Another from Ken
2) How much weight to you give to fall and winter league stats? For example, I gave Julio Rodriguez a big bump based on his 45 IP in Puerto Rico this season, Valle a small bump due to his home run proficiency their the last 2 seasons and downgraded Harold Garcia a tad due to his must 1 stolen base in 5 attempts. I find the Arizona Fall League interesting, but of less value than winter leagues because it seems more like a show-case with a lot of guys splitting playing time in a very short season. Would you agree?
I don’t place much importance on winter ball stats. Most guys have been playing baseball since February, by the time they got to November or December, they are out of gas, especially legit prospects. There is no way for me to really standardize the statistics, especially in the foreign winter leagues. I think they mainly serve as a way for hitters or pitchers to get more experience against advanced competition, the numbers dont mean much to me.
Last one from Ken
3) Will you be publishing SONAR scores for 2010? I know you had planned to include both 2009 and 2010 stats this year, but I’m sure that adds a level of complexity and slows you down. SONAR scores for a single year is fine. I liked them last year and missed them this year as a tool for ranking the Top 30 prospects. Do you have them unpublished for 2010 and if so did you use them in your rankings?
I have the data, and I’m almost done cleaning it up. But I think I’m going to be using the data in a different way going forward. Instead of just putting the raw scores out there, I’m working on incorporating the data into a more detailed system, which also factors in scouting report grades and other things. So, for now, because of time, I don’t have a schedule to publish the data, but when/if I do, I’ll make a post about it.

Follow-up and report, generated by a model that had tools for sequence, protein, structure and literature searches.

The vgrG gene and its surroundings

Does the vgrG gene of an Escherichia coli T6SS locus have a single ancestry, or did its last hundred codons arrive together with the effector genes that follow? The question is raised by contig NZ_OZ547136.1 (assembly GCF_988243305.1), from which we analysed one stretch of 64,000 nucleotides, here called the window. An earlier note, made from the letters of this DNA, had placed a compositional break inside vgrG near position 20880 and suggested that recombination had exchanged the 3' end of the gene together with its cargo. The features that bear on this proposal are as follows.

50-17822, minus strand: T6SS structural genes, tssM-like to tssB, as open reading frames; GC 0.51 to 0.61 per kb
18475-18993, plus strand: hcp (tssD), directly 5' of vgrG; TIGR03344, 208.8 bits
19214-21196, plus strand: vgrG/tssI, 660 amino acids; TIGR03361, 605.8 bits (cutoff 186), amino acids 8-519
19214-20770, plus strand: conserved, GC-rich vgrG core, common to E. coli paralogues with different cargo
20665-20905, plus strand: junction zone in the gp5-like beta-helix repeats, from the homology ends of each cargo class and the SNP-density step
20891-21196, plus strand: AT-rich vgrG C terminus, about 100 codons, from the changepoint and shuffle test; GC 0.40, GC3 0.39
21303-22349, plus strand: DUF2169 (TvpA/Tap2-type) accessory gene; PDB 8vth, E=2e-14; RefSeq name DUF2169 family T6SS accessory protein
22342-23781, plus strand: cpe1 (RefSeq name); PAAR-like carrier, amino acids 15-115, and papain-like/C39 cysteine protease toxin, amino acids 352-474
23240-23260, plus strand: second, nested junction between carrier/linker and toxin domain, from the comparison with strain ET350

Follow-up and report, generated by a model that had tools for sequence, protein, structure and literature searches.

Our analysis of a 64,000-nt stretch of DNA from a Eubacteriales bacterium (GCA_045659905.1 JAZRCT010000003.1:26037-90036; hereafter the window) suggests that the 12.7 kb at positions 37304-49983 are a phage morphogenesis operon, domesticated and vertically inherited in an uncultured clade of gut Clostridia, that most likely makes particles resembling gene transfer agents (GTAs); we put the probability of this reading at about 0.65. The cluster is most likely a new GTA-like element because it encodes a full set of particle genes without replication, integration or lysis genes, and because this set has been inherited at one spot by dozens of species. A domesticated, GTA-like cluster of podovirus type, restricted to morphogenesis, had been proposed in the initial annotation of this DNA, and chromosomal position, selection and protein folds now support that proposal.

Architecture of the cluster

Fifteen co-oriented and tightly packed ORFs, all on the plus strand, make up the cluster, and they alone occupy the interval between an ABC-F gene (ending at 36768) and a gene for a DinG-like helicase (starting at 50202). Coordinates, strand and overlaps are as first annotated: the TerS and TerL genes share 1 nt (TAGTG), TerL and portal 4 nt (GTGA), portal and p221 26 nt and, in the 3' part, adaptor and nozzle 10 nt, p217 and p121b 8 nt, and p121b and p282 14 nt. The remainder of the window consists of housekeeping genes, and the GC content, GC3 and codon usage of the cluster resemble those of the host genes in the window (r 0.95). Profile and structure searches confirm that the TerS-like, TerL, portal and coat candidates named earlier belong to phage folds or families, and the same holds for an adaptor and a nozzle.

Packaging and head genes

Just wondering if the Phillies have any hope for Anthony Hewitt? His failure would really signify a colossal mistake in poor judgement as a first round pick.
To make it short and simple, I have very little hope for Hewitt. His contact issues are a major problem, and his lack of pitch recognition is going to make it really difficult for his raw power to actually be usable in games. I suppose he’s still young enough to figure it out, and he may be one of those guys who doesn’t break out until he’s 25-26. But I don’t know if it will come in the Phillies organization.
First, you have only 1 LHP ranked in your top 30 for the Phillies. Besides Biddle, which other LHP do you think might have some value down the line, probably has a lefty reliever? I know Nick Hernandez was injured and Matt Way is alo in the organization. Do you see either of those having enough value making it as a lefty specialist or is the probability for them so far away that it’s highly unlikely?